Skip to Main Content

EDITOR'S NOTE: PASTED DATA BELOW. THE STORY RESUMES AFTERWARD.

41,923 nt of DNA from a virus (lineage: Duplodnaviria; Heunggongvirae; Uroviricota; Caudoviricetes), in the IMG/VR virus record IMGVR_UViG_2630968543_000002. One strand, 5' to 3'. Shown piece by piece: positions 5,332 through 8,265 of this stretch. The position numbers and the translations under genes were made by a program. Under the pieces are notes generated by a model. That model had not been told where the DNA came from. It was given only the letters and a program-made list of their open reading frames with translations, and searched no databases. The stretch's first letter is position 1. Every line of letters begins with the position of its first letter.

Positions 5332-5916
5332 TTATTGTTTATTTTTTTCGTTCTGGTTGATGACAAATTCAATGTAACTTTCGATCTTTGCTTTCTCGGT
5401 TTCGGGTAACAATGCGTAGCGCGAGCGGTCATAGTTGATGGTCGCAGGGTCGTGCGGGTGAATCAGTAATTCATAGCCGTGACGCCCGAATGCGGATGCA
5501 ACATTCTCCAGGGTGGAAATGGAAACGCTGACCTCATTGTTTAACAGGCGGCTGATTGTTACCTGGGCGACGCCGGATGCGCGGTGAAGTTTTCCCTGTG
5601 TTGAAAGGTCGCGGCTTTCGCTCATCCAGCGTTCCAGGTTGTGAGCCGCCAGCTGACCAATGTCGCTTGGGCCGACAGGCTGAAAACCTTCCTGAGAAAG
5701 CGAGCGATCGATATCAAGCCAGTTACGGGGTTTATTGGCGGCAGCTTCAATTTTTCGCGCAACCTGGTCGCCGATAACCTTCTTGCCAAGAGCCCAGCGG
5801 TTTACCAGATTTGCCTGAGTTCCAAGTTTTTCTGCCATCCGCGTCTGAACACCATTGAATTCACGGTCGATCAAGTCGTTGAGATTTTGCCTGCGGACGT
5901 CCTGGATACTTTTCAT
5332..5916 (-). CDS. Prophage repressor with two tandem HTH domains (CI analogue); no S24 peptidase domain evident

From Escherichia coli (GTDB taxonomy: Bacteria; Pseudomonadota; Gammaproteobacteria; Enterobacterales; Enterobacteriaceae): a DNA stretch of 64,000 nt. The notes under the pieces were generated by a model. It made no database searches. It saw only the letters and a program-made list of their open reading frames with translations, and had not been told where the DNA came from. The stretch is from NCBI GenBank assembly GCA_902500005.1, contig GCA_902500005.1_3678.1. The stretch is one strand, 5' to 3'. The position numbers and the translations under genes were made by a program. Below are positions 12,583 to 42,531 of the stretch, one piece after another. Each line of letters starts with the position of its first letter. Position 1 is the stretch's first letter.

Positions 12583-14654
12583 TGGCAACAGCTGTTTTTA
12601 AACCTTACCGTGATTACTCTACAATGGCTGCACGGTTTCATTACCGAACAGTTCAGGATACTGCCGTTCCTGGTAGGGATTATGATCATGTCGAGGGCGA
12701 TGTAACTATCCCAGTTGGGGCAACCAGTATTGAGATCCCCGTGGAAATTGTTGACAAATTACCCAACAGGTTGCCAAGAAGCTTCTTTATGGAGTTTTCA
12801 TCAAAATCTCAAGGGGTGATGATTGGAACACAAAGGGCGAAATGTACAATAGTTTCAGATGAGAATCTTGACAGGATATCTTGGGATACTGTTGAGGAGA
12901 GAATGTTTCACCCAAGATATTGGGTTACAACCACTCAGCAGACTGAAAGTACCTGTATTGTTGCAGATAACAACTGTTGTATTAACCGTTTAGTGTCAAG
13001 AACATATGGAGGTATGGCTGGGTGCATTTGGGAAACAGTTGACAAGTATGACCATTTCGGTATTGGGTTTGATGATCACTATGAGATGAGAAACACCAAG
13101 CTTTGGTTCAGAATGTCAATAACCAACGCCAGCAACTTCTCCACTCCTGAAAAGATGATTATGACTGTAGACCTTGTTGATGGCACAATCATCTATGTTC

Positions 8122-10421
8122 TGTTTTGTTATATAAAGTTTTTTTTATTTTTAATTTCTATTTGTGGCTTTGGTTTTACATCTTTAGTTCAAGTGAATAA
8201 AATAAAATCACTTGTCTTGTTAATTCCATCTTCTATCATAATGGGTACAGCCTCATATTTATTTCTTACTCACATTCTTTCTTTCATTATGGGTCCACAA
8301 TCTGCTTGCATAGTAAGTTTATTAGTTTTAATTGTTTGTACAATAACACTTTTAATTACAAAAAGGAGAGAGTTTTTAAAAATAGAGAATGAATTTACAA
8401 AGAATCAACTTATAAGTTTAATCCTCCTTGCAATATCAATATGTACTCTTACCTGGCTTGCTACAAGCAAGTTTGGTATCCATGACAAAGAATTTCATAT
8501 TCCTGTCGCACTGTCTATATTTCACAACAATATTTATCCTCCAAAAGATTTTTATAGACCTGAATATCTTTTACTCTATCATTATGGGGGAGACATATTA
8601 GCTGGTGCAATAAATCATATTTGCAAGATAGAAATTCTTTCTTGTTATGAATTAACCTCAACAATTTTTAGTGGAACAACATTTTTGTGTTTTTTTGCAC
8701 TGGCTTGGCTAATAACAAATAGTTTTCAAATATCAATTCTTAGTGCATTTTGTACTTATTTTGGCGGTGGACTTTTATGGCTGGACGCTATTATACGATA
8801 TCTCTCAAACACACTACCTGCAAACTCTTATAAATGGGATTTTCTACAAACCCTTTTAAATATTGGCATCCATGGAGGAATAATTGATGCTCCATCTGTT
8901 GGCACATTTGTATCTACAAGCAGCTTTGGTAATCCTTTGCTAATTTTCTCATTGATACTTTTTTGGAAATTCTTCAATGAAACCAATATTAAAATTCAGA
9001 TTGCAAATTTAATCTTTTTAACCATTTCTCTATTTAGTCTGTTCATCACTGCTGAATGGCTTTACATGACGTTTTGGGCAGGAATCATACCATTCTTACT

A new device is being developed that will allow imaging of the distribution of charged particles in microfluidic circuits, using a scintillator, a lens and a charge coupled device (CCD). Microfluidic chips are an emerging technology that will facilitate the study of molecular processes in pico-liter levels in a finely controlled manner. The ability to quantify low amounts of radioactivity in a microfluidic chip will provide researchers with a platform to investigate molecular processes in a controlled in-vitro environment. The new detector system consists of a plastic scintillator, a C-mount compact lens, and a Sony ICX285AL interline-transfer CCD cooled with a Peltier device. A microfluidic chip filled with fluoro-deoxy-glucose (FDG) solution was coupled to a plastic scintillator and the set up was placed inside a light-tight box for imaging. Preliminary studies were performed to test the feasibility of using the scintillator-based CCD detector system for this application. The CCD performance parameters were characterized by the photon transfer curve. The camera gain constant and read-out noise were measured to be 0.746 e-/ADU (analog-to-digital unit) and 8 e-, respectively. The dark current was also investigated with different temperatures and binning factors. The spatial resolution was measured and line pairs of FDG in a microfluidic chip were discernable down to a 0.5 mm separation. The system was able to quantify the activity level reliably down to 5 nCi/mm2.